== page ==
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  • Writer's pictureFavour Ogbadu

Everyone Should Own A Farm: Navigating Sustainable Food Systems

Food running out is a concept that you only envision in the context of a wedding or a party with a buffet, but food running out for the entire world is nothing short of perplexing. Despite this, that is precisely what food insecurity entails.


In our world of about 8 billion people, the earth is struggling to keep up with feeding us all. Think about all the empty shelves and the unequal supply-demand equations during the pandemic and imagine we had to deal with that forever. This is a visual of the severity of food insecurity.


The World Bank defines food security as when all people, at all times, have physical and economic access to sufficient, safe and nutritious food that meets their dietary needs and food preferences for an active and healthy life.


Food security has four dimensions: physical availability of food, economic and physical access to food, food utilisation and stability of the other three dimensions over time. For the concept of food security to be utilised, all four dimensions have to be at play simultaneously.


The truth is we cannot get from food insecurity to food security without playing an active role and the steps we take must be sustainable and have the ability to actively push back the effects of food insecurity. This brings us to the concept of sustainable food systems (SFS).


A sustainable food system is one that delivers food security and nutrition for all in such a way that the economic, social and environmental bases to generate food security and nutrition for future generations are not compromised. Access to safe and nutritious food is a basic human right and if sustainable food systems had been considered by earlier generations, we would be in a better place today.


An integral part of a sustainable food system is agriculture. Therefore, a sustainable food system should be climate-smart and also increase agricultural productivity, enhance climate resilience, and reduce greenhouse gas emissions for agriculture. The Food and Agriculture Organization of the United Nations (FAO) provides that on the economic dimension, a food system is sustainable if the activities carried out by each food system actor are commercially or fiscally viable. That is, there should be benefits for all stakeholders from wages for workers, taxes for governments, profits for enterprises, and food supply improvements for consumers.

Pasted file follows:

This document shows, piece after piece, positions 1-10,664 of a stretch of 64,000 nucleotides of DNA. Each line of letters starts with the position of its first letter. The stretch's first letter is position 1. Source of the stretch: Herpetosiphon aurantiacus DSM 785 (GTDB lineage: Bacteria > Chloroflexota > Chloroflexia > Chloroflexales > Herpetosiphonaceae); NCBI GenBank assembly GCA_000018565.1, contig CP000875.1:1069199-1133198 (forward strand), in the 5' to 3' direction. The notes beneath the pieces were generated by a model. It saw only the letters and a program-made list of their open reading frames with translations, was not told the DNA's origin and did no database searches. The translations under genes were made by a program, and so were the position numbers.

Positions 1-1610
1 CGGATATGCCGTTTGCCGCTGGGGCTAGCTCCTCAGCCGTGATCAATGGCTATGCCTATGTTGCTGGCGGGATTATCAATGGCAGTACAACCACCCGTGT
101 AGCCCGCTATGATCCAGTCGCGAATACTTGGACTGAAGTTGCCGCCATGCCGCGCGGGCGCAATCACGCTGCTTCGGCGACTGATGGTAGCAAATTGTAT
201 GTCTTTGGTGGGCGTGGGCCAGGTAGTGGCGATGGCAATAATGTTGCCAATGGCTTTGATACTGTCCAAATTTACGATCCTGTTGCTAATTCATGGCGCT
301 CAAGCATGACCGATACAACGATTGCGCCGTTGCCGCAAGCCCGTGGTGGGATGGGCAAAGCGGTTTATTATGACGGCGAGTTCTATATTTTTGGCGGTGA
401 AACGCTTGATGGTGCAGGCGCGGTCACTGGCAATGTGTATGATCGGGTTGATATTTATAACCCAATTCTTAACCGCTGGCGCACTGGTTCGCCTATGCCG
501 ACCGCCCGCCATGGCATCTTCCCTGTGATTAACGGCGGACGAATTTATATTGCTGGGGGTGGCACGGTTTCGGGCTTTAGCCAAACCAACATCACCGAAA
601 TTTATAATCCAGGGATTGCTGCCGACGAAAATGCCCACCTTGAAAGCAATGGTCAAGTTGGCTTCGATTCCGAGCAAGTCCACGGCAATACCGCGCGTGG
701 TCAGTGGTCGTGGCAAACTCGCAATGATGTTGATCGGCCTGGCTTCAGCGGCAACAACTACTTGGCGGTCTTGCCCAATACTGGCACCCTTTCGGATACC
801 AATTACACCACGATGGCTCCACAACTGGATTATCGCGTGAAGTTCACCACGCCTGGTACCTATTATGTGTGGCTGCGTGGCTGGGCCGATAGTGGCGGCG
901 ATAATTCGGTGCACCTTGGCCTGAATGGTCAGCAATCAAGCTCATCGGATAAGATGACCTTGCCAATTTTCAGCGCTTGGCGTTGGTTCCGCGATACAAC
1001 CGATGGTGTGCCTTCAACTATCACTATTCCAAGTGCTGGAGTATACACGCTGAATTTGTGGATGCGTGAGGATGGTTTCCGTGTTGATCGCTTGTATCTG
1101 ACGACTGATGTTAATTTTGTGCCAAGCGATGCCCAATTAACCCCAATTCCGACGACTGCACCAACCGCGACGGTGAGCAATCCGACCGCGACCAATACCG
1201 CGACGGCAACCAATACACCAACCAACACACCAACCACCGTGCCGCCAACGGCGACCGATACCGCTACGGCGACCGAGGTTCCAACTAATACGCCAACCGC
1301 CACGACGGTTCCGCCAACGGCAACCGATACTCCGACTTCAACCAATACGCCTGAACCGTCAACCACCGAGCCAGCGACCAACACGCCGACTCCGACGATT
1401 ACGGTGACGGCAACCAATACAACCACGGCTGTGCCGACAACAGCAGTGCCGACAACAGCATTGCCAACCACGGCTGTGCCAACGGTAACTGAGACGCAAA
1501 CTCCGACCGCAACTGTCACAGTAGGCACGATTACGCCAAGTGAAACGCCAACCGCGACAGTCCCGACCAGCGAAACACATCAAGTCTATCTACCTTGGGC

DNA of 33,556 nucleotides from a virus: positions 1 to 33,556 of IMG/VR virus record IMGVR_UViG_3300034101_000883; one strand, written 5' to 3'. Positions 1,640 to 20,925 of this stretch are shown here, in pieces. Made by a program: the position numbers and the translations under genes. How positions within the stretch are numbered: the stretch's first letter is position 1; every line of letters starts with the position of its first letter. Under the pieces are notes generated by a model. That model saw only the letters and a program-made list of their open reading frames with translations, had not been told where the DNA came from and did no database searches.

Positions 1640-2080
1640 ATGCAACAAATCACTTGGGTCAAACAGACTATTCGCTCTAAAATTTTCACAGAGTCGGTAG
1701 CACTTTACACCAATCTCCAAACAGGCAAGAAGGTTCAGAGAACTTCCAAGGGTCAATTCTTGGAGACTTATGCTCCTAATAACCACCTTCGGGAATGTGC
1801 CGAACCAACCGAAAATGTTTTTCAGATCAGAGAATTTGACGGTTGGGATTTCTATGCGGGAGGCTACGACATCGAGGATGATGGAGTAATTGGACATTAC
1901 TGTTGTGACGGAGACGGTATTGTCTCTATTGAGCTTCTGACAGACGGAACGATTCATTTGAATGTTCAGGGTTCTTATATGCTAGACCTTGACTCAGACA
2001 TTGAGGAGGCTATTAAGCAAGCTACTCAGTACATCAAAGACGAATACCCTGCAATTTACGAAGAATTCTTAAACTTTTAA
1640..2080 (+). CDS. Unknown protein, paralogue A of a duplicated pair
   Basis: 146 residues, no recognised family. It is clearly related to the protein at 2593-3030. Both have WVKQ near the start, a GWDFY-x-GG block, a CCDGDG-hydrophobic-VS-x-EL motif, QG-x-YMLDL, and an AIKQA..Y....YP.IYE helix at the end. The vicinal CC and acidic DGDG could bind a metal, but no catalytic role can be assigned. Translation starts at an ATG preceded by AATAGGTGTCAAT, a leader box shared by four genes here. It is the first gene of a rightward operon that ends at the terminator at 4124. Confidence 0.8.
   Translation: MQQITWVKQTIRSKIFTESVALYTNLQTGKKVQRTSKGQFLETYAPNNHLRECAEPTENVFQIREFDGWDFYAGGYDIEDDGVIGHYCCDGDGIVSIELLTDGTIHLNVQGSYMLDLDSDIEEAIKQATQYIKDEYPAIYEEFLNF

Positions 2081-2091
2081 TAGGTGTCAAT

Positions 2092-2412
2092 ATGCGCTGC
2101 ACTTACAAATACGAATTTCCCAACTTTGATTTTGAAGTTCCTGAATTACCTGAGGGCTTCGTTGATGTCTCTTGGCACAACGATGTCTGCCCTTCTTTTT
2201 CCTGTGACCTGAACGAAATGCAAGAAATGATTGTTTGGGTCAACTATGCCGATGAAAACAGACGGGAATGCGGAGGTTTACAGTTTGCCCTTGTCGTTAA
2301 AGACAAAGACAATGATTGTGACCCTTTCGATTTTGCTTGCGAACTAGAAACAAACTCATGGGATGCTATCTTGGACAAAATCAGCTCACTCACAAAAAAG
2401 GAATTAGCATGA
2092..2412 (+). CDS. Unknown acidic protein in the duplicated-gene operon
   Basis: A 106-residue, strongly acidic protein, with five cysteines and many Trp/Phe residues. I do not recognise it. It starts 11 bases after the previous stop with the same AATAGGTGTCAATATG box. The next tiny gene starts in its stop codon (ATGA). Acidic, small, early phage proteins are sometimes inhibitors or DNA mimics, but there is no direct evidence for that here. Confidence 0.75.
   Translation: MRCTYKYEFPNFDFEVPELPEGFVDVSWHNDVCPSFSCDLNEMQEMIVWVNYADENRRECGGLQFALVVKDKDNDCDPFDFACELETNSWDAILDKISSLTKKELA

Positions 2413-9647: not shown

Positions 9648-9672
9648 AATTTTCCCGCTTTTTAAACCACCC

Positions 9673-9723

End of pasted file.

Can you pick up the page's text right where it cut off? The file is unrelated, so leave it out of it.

Hence, why everyone should own a farm.


Now, this doesn't necessarily mean owning acres of sprawling farmland. It means that everyone should be interested in and invest in the promotion of agriculture.


In the framework of sustainable food systems, agriculture fits in perfectly and houses the necessary benefits. While, economically, it can provide jobs, ensure return on investments and provide wholesome and nutritious foods for everyone.


Regardless of the numerous benefits that agriculture holds in navigating through a sustainable food system, it can only be truly successful if other important factors are utilised. Agriculture itself must be approached in the right way i.e., usage of agriculture-smart practices. Other factors include zero food waste, 100 percent access to food and increasing smallholder farmers’ income.


Food is such a strong connecting point in our society. It is a symbol of culture, celebration and even love. Food means more than we realise. But above all, food represents a healthy and flourishing society and that is why it is a focal point of SDGs 1, 2 & 3.


Attaining food security is a job for us all, we just have to be willing to play our part, and own a farm.

DO MORE

  1. Take proactive steps to reduce food waste within your household

  2. Educate yourself on best recycling practices to conserve resources

  3. Donate to initiatives that fight against famine

  4. Invest in climate-smart agriculture and small holder farmers

  5. Buy from sustainable food brands

READ MORE


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WRITTEN BY Favour Ogbadu.

Favour Ogbadu is a certified lawyer and an aspiring International development practitioner. An avid reader, her passion for writing stems from her love of written works. She is a firm believer in using talents and skills for the greater good. Connect with Favour on LinkedIn.


EDITED BY Chizulu Uwolloh.


'Zulu is a writer, international development professional, and lawyer passionate about social impact and showing people how they can create change in their communities.


Want to connect with Zulu?

Follow her on Twitter, Instagram or connect with her on Linkedin!

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